Sometimes we plan our big walks around a particular place that we think will make for an amazing wild camp spot. Sometimes it’s somewhere we’ve been before, just for a day, and wished we’d had the tent. Or sometimes it involves poring over maps for hours, looking for some place special. But often it turns out to be the unplanned camps that are the most spectacular.
We went to the Isle of Skye for eight days last year, with plans to bothy or camp each night. The options were endless and we’d intentionally left our plans relatively flexible so we could do whatever we felt like doing when we woke up in the morning.
We had decided where we’d spend our first night though. We had our hearts set on holing up in Rubha Hunish, one of Skye’s three bothies, which is perched right on the northernmost tip of the island. This old coastguard lookout has unbelievable views over the North Sea and having spent a lot of time looking at photos, we knew we had to go.
It’s basic, but it offers unrivalled views, and we really don’t mind basic. It looked amazing. What we hadn’t counted on was that the very easy walk-in from the road would mean the bothy was in high demand. On our arrival, we found it occupied by a friendly group of Scouse lads. It’s small, in fact it’s tiny, so there was no way we would have squeezed in too.
Plans foiled, we sat on a bench in front of the bothy that offered up the panoramic views we were hoping to enjoy all evening and hatched an alternative plan. We’d noticed a couple appear over the edge of the cliff, so we went exploring and found a steep path heading down to the sea. At the foot of the cliffs the Hunish peninsula stretched out, surrounded by sea on three sides – the perfect wild camp spot.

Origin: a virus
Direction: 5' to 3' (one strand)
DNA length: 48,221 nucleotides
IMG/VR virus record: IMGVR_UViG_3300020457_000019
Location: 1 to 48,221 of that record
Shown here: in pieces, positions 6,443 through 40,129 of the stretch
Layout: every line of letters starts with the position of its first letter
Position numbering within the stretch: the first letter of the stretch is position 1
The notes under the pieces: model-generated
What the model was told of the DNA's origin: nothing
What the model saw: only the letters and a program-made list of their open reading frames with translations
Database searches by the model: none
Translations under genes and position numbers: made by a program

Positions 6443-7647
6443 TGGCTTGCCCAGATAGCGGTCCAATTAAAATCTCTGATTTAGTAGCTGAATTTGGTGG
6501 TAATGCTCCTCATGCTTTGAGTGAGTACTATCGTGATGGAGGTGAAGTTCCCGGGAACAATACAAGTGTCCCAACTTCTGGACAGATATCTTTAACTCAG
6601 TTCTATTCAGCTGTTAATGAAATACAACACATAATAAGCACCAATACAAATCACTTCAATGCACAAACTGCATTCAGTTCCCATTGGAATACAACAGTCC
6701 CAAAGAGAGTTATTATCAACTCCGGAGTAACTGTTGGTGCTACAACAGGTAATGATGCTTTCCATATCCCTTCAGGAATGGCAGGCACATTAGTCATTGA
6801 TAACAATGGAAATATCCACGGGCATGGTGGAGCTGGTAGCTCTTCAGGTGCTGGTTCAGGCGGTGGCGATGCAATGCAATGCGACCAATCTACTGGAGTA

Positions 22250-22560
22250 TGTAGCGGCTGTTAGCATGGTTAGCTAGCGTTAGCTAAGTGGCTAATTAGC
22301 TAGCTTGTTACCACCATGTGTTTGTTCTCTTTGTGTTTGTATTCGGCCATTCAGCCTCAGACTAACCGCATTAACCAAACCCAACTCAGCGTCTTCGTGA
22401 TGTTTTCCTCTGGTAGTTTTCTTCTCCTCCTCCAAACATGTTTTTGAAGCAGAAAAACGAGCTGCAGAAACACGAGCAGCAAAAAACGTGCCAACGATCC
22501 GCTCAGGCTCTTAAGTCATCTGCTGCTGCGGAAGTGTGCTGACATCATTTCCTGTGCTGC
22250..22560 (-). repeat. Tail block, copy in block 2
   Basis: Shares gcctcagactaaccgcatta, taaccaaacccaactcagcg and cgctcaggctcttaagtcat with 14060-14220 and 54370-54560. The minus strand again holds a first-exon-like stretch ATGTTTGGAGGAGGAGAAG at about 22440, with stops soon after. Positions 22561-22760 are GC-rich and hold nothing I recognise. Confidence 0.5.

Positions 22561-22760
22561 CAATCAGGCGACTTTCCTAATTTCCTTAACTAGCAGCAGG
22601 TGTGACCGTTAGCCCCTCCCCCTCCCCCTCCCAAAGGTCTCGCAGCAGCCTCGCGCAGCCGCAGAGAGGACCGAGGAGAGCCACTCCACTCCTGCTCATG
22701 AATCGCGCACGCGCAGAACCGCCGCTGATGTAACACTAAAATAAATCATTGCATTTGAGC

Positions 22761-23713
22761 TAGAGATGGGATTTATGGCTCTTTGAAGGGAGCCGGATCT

We picked our way down the path and pitched our trusty WickiUp tent, marvelling at what an amazingly serene spot we’d found. We had our very own little slice of peninsula to explore, with not another soul in sight, whereas the cliffs above were practically crawling with people. Being close to the water also had its pluses. We’d carried in a carton of sangria (classy!) which Matt chilled nicely for us by building a little fort out of stones in a narrow inlet. It would have been perfect, had it not been for an over-enthusiastic wave that swept the rocks away and left us sangria-less.
On Skye, in the summer months the sun barely goes down so we spent the night with the doors of the tent wide open, watching the waves and enjoying the stunning colours of the sky.
We know never to be disappointed if adventure plans go awry, because there’s always something just as good, or perhaps even better, around the corner and this was a prime example. Sure, it would have been great to stay in the bothy, but we would have missed out on an epic wild camp. Oh, and the ticks really liked our camp too, so we even got in some good practice with our tick tweezers the next morning!